Get involved in research

Getting involved in a research study can take many forms depending on the type of research. Research studies can be clinical trials where one treatment is tested against another treatment (or a placebo treatment); research studies might involve completing a questionnaire about your general health or psychological health; research studies might also involve the collection of information and samples to help researchers understand your condition. Some people find that taking part in a research study is a very interesting and rewarding experience.

If you are invited to join a clinical trial, you will be asked to go through a process called informed consent. It is always important to talk over any potential advantages and disadvantages of getting involved in research with your GP, consultant, nurse or therapist. It is your choice whether to take part in research and you can change your mind at anytime during a trial. If you decide to take part, you'll be asked to sign a consent form to say you're agreeing to participate in the trial and have understood what it involves. At this stage you will already have read the patient information document about the trial and had your questions answered by the researcher.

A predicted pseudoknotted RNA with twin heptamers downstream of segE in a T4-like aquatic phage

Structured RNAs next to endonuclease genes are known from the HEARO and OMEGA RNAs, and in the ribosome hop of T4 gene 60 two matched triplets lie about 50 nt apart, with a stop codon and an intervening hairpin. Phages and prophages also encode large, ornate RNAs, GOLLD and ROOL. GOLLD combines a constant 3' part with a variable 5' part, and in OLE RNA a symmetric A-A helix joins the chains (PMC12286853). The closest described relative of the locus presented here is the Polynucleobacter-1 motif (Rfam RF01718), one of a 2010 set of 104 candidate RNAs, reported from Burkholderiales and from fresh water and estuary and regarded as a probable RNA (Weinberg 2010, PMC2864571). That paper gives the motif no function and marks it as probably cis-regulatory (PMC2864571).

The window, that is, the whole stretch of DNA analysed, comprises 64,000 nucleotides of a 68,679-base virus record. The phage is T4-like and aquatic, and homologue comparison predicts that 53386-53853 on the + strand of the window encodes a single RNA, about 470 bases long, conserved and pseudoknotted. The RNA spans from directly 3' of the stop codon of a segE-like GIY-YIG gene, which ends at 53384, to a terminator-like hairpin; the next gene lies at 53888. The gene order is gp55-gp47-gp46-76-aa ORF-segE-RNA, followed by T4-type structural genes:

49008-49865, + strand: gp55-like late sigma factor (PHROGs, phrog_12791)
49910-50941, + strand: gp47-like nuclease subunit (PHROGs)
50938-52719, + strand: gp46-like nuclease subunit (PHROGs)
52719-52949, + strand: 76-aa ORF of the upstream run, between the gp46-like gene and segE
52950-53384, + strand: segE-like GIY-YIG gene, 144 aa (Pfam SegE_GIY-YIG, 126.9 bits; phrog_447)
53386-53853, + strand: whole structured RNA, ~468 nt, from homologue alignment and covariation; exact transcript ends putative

If you’re under 18, a parent or guardian must give permission for you to take part in a trial and sign the consent form.

The research studies listed on this page have received full ethics approval and are being undertaken at a reputable research institution or hospital. If you are a researcher and would like your study considered for inclusion please contact info@headlines.org.uk

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Psychological wellbeing and support needs of people born with craniosynostosis and their families

Led by Dr Nicola Stock at the Centre for Appearance Research (CAR) at the University of the West of England in collaboration with Headlines, this study examined the long term physical and psychological effects for individuals with both syndromic and non-syndromic craniosynostosis and makes recommendations for future service delivery and development.

You can read and download a summary and a full version of the findings here:

Download summary report
Download full version

University of the West of England in Bristol looking for people from the Somali community who have craniosynostosis or other visible facial difference

Researchers at the Centre for Appearance Research at the University of the West of England in Bristol are looking for people from the Somali community who have craniosynostosis or other visible facial difference for a new study. For further information, please contact Bruna: bruna.oliveiracosta@uwe.ac.uk

Download further information:

Download advert (Somali)
Download advert (English)

Scientist Pipetting